Up to 90 films focusing on people with disabilities will be screened in the Russian capital during the “Breaking Down Barriers” International Festival highlighting productions from 19 countries.
The far-reaching four-day event brings together filmmakers from Iran, Israel, America and Russia, just to name a few.
“The aim of the program is to draw attention to some of the problems that people with disabilities come to grips with in their daily routine,” organizers of the festival explain.
The event kicked off on Friday, with short and long features, documentaries, animation and films for children playing in two cinemas.
“The challenge is to put the spotlight on the potential of people with disabilities, but also to diversify their interests by showing visual examples of their counterparts living an active life.”
Manu, High on Wheels could serve as a good role model. The Belgian film features a young man dreaming of winning a match of wheelchair football.
A young and brave Israeli director, Rona Soffer, will share her moving story with Russian audiences. At the age of 15, she was involved in a severe car accident, leaving her with a slim chance of survival.
Rona pulled through and made a film entitled Not Necessarily (“Love Davka”) in which, as she explains, she faces the challenge of finding love. “I met disabled and non-disabled men and searched for my place in the love equation. I was in for a surprise.”
Another drama about love is from German director Martin Jabs who will discuss his documentary with the audiences in Moscow, on November 27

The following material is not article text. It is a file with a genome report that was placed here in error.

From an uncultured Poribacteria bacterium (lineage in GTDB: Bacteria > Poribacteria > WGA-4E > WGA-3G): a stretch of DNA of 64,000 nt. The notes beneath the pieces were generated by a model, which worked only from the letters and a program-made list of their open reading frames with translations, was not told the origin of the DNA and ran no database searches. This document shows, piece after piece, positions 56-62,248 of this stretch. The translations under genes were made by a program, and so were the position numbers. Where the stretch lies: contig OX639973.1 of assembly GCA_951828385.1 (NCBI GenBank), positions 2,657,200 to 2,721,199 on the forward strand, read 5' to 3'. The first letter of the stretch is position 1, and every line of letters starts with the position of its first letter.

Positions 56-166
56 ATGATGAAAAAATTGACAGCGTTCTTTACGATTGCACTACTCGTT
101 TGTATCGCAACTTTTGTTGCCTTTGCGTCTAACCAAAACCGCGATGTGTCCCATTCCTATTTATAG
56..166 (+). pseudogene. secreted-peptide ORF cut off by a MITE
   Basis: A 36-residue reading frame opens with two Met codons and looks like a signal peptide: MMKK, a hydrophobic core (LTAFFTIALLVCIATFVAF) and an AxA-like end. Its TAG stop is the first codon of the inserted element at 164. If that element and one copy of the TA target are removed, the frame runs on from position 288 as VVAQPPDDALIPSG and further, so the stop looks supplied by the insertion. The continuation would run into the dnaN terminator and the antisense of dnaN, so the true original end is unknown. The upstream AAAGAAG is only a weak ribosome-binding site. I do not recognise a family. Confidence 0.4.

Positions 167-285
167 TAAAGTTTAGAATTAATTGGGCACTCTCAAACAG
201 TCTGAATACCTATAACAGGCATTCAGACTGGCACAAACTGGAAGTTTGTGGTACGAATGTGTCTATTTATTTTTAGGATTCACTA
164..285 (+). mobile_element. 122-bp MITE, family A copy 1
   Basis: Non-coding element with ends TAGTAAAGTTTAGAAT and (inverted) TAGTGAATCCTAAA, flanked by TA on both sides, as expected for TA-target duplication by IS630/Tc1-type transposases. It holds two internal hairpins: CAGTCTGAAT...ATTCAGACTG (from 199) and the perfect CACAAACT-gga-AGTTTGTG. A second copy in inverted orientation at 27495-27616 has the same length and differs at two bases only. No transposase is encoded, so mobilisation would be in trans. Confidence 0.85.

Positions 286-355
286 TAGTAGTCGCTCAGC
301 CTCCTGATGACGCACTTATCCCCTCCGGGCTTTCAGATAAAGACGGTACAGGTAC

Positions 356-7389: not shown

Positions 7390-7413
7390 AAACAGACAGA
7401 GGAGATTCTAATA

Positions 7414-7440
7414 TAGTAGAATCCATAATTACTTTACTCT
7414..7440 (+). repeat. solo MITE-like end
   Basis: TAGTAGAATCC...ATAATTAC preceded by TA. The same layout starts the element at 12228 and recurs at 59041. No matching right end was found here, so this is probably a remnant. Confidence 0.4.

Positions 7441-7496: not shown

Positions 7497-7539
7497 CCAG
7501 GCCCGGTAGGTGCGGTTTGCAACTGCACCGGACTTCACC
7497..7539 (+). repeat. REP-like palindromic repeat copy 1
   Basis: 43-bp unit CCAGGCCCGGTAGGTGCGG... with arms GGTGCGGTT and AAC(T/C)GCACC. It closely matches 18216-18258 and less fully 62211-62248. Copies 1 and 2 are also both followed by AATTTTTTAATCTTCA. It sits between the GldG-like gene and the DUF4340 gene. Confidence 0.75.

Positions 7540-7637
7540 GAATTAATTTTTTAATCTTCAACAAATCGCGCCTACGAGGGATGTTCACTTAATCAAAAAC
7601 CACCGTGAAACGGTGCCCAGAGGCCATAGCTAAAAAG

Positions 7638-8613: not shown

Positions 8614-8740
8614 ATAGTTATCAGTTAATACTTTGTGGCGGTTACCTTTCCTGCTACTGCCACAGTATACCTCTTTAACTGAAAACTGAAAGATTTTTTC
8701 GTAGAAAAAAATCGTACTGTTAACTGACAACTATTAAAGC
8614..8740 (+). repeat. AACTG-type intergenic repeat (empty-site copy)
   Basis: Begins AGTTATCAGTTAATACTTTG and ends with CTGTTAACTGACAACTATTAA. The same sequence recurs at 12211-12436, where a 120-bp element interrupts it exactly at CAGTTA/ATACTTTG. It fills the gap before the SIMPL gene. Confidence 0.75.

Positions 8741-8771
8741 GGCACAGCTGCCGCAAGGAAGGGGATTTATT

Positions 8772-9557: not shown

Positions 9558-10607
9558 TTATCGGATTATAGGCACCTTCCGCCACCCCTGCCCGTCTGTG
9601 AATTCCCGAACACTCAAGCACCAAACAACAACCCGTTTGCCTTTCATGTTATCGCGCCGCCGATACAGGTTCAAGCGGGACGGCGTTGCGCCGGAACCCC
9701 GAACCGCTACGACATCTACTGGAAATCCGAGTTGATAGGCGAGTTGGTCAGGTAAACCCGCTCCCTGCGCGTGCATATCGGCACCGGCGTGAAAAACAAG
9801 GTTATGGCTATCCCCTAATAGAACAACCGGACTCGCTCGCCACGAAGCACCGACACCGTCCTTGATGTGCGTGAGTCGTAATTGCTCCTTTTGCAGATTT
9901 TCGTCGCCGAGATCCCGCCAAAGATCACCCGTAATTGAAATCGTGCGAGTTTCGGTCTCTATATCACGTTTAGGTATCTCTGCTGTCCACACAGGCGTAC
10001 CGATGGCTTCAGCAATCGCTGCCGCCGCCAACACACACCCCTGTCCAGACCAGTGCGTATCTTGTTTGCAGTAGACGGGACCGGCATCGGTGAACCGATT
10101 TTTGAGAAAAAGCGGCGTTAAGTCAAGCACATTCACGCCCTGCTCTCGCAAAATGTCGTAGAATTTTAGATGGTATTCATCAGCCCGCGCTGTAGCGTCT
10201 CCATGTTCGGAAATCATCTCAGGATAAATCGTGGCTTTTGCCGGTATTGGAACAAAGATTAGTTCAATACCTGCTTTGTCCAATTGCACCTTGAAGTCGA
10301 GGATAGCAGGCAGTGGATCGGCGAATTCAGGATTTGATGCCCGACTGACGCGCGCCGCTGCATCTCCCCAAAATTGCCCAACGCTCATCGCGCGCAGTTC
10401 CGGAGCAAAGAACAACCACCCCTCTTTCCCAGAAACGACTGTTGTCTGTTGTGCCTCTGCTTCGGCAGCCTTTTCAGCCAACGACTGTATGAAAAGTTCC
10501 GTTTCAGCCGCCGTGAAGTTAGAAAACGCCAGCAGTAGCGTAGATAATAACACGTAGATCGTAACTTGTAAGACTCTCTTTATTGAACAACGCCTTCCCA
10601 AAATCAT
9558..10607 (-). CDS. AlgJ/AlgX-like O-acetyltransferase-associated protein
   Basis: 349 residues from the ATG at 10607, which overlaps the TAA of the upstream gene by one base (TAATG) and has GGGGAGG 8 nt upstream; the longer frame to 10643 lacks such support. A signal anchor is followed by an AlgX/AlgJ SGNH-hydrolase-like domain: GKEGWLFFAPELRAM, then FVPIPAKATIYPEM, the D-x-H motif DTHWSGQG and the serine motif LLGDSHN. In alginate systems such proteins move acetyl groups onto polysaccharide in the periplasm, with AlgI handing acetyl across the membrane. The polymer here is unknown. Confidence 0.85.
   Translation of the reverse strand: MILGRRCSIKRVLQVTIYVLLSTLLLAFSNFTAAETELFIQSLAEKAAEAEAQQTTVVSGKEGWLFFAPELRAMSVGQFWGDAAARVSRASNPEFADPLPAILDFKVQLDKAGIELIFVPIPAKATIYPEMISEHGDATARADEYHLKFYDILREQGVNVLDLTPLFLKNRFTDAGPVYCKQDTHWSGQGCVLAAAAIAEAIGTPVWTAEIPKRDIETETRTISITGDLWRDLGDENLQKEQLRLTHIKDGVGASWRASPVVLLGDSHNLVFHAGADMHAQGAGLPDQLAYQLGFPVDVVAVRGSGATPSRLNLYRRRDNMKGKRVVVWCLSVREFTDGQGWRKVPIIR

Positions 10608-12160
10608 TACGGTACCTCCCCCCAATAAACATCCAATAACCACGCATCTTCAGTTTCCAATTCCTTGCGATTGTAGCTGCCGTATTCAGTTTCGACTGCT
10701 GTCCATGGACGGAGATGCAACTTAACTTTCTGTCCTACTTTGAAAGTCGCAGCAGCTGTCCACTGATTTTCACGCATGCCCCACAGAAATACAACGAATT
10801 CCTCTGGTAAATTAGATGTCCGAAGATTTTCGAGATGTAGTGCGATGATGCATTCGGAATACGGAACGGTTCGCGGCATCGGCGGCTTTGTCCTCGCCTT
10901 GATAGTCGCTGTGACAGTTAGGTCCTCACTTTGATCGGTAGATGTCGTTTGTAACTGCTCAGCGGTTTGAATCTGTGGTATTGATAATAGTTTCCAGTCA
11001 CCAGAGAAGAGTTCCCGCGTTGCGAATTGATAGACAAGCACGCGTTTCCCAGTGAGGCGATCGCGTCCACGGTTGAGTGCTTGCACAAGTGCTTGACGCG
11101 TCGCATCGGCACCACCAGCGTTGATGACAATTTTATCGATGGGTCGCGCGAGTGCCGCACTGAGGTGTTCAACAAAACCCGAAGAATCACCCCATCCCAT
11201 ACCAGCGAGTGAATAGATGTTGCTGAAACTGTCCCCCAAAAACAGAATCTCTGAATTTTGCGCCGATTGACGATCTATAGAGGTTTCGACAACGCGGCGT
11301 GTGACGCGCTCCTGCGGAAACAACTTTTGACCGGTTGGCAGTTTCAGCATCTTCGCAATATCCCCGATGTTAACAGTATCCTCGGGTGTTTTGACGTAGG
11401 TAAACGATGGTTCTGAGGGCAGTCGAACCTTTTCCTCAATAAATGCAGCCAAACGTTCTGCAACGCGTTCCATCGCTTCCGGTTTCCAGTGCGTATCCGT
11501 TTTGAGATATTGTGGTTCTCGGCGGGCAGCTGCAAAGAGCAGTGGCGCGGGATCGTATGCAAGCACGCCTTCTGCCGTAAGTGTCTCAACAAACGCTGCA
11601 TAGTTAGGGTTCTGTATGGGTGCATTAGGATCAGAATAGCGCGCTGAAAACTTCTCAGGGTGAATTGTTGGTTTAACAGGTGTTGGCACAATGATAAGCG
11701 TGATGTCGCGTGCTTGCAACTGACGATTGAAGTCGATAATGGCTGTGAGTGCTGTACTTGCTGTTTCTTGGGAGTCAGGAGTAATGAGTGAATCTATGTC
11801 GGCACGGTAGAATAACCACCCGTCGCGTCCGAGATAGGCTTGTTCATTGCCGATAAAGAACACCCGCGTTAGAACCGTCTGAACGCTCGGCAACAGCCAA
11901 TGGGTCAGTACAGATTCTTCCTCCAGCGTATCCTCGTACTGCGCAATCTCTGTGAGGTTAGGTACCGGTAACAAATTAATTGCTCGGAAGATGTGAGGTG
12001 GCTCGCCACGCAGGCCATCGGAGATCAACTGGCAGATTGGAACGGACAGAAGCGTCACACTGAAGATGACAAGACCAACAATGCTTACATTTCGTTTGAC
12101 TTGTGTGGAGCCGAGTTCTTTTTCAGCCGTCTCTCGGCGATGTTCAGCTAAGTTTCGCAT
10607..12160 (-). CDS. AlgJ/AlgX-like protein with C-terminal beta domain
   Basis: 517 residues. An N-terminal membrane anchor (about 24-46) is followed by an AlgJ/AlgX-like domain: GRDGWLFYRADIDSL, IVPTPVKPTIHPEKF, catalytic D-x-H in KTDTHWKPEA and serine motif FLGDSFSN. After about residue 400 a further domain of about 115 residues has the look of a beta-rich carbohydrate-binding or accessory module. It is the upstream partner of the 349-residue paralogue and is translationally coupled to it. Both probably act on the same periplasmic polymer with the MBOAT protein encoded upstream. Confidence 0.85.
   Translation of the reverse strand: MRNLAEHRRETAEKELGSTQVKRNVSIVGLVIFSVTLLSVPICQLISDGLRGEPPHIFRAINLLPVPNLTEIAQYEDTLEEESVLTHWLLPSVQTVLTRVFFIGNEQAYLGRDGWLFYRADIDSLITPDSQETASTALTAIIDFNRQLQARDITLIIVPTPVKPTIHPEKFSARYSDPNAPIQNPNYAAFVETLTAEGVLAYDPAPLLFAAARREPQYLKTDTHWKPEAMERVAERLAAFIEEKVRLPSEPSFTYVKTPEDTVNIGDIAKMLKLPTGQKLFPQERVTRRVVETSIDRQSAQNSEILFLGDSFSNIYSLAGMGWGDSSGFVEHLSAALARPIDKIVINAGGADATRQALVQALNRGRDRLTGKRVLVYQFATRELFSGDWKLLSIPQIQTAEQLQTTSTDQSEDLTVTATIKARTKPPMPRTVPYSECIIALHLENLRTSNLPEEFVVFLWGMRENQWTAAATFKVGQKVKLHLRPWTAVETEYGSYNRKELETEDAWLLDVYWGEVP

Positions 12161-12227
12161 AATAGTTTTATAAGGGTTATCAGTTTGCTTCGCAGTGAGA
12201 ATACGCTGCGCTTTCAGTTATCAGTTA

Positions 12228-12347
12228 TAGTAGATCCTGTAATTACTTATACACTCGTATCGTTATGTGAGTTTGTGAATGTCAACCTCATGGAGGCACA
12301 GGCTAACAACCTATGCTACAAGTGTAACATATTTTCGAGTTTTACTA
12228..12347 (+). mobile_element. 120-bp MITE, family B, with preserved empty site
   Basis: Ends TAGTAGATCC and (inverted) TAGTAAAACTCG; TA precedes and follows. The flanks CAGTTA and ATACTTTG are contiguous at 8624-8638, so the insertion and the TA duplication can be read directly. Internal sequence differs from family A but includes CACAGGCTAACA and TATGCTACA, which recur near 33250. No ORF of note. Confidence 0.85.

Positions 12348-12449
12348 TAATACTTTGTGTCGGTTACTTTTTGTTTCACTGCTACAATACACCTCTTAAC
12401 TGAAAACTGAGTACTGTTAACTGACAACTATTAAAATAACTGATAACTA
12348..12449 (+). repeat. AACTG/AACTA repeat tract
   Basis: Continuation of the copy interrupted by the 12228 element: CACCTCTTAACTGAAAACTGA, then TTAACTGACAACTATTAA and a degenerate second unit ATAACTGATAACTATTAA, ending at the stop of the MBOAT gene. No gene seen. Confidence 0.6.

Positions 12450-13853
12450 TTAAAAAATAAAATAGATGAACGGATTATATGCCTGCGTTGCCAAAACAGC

Nora is Still Alive speaks for itself. It is a film about parents’ love for their daughter. Nora is going to die soon, doctors say, however, she is still alive. Despite her physical and mental disabilities, she outlives her beloved mother and grandmother whose deaths she hardly ever grasps. When her brother decides to make a film about the tragedy, he turns out to be closer to his sister than he himself thought.
The "R" Word from the award-winning Canadian theater and film director, Pierre Tetrault, is also among the highlights of the festival. His film which tells the stories of three generations of families and individuals, often labeled by society as “village idiots”, “fools” and “sub-human”.
The 'R' Word unveils the daily struggles of people with intellectual disabilities, explaining how the fears and superstitions of the Middle Ages eventually gave rise to the notorious policies of Hitler.
No Pity is worth a thousand words, focusing on some of the most inscrutable neurological disorders, such as autism. Teenage American director, Drew Morton Goldsmith, has experienced it firsthand and made the 19-minute film about this insufficiently explored phenomenon.
“Throughout their lives, some people try to be special. But we are all born special," that’s what people with autism say about themselves. As the film’s title suggests, people with autism do not need pity as much as recognition of their ‘otherness’ and an opportunity to live with dignity.” Goldsmith said.
The award-winning, promising filmmaker is set to introduce his one-off film at the festival in Moscow.
Another feature to be presented by the filmmaker in Moscow is from an American director Hilari Scarl. Her documentary – See What I`m Saying: The Deaf – revolves around four well-known deaf entertainers: a comic, a drummer, an actor, and a singer, all trying to reach mainstream audiences.
A heartbreaking story and a lesson in true love is Anita, from director Marcos Carnevale. It is the story of a Jewish girl with Down syndrome, who lives with her mother in Buenos Aires. After an explosion, her mother disappears and Anita goes in search of her. She survives only thanks to the kindness of people she meets on the way.
And that is exactly the message the “Breaking Down Barriers” festival is longing to spread. What all people, able and less so, do need, is just a little kindness.
Valeria Paikova, RT
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